J&J’s Diabetes Drug Cuts Heart Risk but Amputations Are HazardBy
Heart attack, stroke, death 14 percent lower with Invokana
Higher rate of amputations and fractures could limit use
Johnson & Johnson’s pill Invokana reduced the risk of cardiovascular complications in diabetic patients, making it the second medication of its kind to help the heart, but the benefit came with an increased risk of amputations and perhaps broken bones, researchers said.
Patients given Invokana were 14 percent less likely to suffer a heart attack, stroke or die from heart disease than those given a placebo, according to the combined data from two studies presented at the American Diabetes Association’s annual meeting. The improvement was similar to the results seen with Eli Lilly & Co.’s Jardiance, which was the first diabetes drug shown to protect the heart in 2015.
The findings from the study known as Canvas may boost use of the medicines known as SGLT-2 inhibitors, which make up about 6 percent of the $40 billion spent annually to control diabetics’ blood sugar levels. The rate of amputations seen with Invokana, which doubled compared to the placebo to 6.3 per 1,000 patients treated, and the increase in fractures seen in one of the two studies released on Monday could limit the drug’s use.
The study results are “good for the SGLT-2 class overall, in that it reconfirms the utility of this class of drugs in lowering cardiovascular risk,” said Tim Anderson, an analyst at Sanford C. Bernstein & Co. “But Invokana’s unique amputation risk leaves Jardiance looking better overall.”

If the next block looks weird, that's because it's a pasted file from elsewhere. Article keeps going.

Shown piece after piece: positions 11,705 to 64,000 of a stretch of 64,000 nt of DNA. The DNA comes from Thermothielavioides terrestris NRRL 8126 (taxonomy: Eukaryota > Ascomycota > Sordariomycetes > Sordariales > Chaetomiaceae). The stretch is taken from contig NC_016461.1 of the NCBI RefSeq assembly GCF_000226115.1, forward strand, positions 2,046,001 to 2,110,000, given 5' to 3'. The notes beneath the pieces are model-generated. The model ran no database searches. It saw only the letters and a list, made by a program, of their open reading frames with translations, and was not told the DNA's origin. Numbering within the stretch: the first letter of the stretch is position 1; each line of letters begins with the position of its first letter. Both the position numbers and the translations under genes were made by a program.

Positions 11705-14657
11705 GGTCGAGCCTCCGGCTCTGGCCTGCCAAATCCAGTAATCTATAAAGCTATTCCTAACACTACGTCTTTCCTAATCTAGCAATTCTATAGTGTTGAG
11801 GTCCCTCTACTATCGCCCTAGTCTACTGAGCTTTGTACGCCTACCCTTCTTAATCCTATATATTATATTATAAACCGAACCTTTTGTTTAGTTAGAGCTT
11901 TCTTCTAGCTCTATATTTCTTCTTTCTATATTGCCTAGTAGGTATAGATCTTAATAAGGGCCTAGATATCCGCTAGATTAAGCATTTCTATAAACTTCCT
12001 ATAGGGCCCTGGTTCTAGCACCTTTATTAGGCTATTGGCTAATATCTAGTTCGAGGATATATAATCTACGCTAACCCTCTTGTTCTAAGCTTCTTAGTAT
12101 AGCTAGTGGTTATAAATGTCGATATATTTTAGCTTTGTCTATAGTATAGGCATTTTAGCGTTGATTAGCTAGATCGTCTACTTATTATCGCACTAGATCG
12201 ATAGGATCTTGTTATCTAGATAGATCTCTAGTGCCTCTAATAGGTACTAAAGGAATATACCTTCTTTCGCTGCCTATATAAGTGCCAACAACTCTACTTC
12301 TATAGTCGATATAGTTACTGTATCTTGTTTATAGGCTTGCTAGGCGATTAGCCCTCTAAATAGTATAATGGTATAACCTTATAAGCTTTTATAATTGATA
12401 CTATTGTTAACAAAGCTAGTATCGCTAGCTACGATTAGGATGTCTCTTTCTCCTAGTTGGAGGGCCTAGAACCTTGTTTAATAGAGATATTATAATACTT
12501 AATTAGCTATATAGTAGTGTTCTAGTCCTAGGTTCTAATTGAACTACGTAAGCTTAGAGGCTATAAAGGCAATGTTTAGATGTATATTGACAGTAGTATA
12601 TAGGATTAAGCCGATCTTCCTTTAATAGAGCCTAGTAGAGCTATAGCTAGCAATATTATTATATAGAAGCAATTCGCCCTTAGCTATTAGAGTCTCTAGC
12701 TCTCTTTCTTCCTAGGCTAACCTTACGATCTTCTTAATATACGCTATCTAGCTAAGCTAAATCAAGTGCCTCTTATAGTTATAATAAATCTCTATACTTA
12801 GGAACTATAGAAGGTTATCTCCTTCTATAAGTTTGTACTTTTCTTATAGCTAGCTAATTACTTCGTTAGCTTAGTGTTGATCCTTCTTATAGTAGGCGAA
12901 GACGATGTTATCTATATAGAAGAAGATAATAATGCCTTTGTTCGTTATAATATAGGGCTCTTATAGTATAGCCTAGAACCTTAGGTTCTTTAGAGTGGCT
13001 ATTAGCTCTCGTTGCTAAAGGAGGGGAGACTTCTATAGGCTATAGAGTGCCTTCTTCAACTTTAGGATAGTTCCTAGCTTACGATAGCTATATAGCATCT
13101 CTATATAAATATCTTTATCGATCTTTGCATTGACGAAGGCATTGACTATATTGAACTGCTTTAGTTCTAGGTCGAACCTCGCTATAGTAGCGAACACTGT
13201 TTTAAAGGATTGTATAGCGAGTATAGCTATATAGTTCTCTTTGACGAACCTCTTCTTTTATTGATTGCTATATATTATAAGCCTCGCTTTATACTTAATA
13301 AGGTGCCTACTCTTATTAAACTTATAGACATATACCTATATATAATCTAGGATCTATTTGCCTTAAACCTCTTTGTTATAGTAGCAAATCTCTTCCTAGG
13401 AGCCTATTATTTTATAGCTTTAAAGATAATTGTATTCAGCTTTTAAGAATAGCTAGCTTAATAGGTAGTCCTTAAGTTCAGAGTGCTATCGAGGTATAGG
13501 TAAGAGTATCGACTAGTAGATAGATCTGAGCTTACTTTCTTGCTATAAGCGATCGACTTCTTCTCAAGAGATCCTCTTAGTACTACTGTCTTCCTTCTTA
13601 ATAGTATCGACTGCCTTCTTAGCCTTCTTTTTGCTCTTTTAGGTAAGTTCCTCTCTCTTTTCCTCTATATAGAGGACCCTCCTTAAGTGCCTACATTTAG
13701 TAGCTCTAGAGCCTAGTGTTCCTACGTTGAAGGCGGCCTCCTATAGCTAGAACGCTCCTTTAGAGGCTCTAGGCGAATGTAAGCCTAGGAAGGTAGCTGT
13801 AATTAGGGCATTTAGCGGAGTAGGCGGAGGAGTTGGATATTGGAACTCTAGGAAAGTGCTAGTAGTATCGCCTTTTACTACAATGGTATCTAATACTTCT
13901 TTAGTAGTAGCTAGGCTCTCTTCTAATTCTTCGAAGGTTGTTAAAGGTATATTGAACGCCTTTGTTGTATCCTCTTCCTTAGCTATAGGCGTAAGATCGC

Lilly’s shares fell less than 1 percent to $80.63 at 9:48 a.m. in New York. Johnson & Johnson was down less than 1 percent to $131.66.
Diabetics are already at increased risk for amputations and fractures, and it’s unclear why Invokana seems to exacerbate the situation, said lead investigator Bruce Neal, a professor at the University of New South Wales in Sydney.
“For the great majority of patients with diabetes who are at higher risk of complications, there will be a net benefit,” said Neal. “But there are patients, including those at high risk of amputation, where alternative therapies would be preferred.”
The study that was released at the conference and published in the New England Journal of Medicine also found a decrease in hospitalizations for heart failure and serious declines in kidney function.
Johnson & Johnson, based in New Brunswick, New Jersey, is conducting another trial to determine if Invokana also offers significant protection for the kidneys, said James List, head of cardiovascular and metabolism at the company’s Janssen unit.
Invokana was the first drug of its kind to be approved, in 2013. It works by expelling sugar in the urine after the kidneys have filtered it from the blood. Other drugs in the class include AstraZeneca Plc’s Farxiga and a medication under development by Merck & Co. and Pfizer Inc.
The experience makes doctors more comfortable with the medication, said Tom Donner, director of the Johns Hopkins Diabetes Center in Baltimore. Still, the increased risk of amputations has to be taken into consideration while more data is being gathered on rival medications, he said.
“To date, we have not seen an increase in the amputation signal with the other drugs,” said Donner, who wasn’t involved in the studies. “That does influence your prescribing decision.”